Natural Perspectives: The steps of making beer

July 14, 2010|By Vic Leipzig and Lou Murray
  • Beer starts out with malted barley and water in this stainless steel container called a mash tun.
Beer starts out with malted barley and water in this stainless… (Independent )

Since Vic and I acquired our three hens, our composting operation has changed. More of our kitchen scraps go the chickens, who love vegetable and fruit peelings, than go into the composter. Instead of vegetable peels, we now put straw bedding and chicken poop into the composter. As the ratio of brown to green waste changed, our composter didn't heat up enough for rapid decomposition.

Luckily, Huntington Beach gardener John Manning had a solution for us — beer. He picks up spent brewers grain from the Huntington Beach Beer Company at 201 Main St. and swears by its positive effect on his compost piles. I stopped by his house last week and was awed by the quality of the compost that he produces.

Manning sends out a weekly email notice about when the spent brewers grain is going to be available next. But before getting onto his list, I wanted to try some of this grain myself. I went downtown Saturday and got more than I bargained for. Besides grain, I also got a fascinating lesson from brew-masters Greg and Barbara Gerovac about how to make beer. Greg's great-grandfather, and Vic's as well, were both Wisconsin brew-masters, but I knew nothing about how beer is made.


I parked next to the police substation about 9:30 a.m., being sure to put quarters in the meter. Although the sign on the brewery door said that it didn't open until 11, the door was unlocked. I walked in like I knew what I was doing, and went upstairs with my clean, 5-gallon utility bucket.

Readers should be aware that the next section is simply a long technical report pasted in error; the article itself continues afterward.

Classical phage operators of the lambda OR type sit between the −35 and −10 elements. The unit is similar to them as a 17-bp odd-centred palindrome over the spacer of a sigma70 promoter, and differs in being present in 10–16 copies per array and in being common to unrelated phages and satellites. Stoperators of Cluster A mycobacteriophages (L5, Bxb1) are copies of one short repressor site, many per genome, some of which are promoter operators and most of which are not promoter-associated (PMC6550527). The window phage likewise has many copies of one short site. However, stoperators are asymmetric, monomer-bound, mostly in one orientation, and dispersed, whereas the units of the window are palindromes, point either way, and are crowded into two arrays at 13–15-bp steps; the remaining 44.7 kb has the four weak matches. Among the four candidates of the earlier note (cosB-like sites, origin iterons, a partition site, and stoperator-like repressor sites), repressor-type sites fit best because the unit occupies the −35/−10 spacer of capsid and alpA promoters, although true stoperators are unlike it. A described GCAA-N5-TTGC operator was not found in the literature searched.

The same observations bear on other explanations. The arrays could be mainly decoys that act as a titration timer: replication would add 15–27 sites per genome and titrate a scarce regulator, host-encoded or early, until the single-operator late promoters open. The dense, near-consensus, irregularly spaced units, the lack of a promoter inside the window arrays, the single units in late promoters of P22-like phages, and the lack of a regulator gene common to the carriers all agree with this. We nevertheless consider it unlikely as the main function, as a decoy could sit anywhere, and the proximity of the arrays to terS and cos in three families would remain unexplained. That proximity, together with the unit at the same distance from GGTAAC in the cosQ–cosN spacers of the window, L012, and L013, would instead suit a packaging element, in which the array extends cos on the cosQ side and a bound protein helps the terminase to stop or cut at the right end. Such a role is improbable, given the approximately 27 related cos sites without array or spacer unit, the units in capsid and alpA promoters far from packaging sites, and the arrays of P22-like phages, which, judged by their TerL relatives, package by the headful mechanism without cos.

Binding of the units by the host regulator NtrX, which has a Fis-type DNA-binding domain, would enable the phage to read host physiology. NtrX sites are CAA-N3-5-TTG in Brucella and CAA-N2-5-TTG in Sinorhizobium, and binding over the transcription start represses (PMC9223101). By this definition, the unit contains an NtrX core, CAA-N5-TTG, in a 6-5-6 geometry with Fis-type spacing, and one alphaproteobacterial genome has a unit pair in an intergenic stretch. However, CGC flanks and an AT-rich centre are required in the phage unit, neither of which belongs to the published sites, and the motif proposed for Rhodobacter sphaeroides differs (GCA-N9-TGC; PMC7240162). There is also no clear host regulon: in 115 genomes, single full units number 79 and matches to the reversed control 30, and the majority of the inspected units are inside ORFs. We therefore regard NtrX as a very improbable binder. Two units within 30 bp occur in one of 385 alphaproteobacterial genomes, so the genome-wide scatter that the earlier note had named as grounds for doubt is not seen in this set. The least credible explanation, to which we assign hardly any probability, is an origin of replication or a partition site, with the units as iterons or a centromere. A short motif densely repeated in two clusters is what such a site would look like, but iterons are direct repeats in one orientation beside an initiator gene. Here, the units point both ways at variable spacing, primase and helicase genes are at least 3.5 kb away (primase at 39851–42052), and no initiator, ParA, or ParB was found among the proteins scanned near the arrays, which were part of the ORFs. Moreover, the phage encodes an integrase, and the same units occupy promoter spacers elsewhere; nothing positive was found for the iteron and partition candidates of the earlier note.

Greg and Barbara were just finishing the cooking step where the grain is heated with purified water to make a barley broth. While we were waiting, Greg walked me through the steps of making beer.

Beer is generally made from malted barley, although sometimes wheat is used. Malted in this case means sprouted and roasted. Because the sprouting and roasting of the grain is a specialized field, Greg gets his malted barley from a supplier in the state of Washington. The barley itself comes from the northwestern United States or Canada. For more authenticity, Greg buys malted barley from Germany if he's making a particular German recipe of beer.

The dry malted barley is stored in a 10,000-pound storage container. An auger moves the grain from storage to a grinder for precision grinding to 0.8 millimeters. That's pretty tiny, about the width of a pencil lead.

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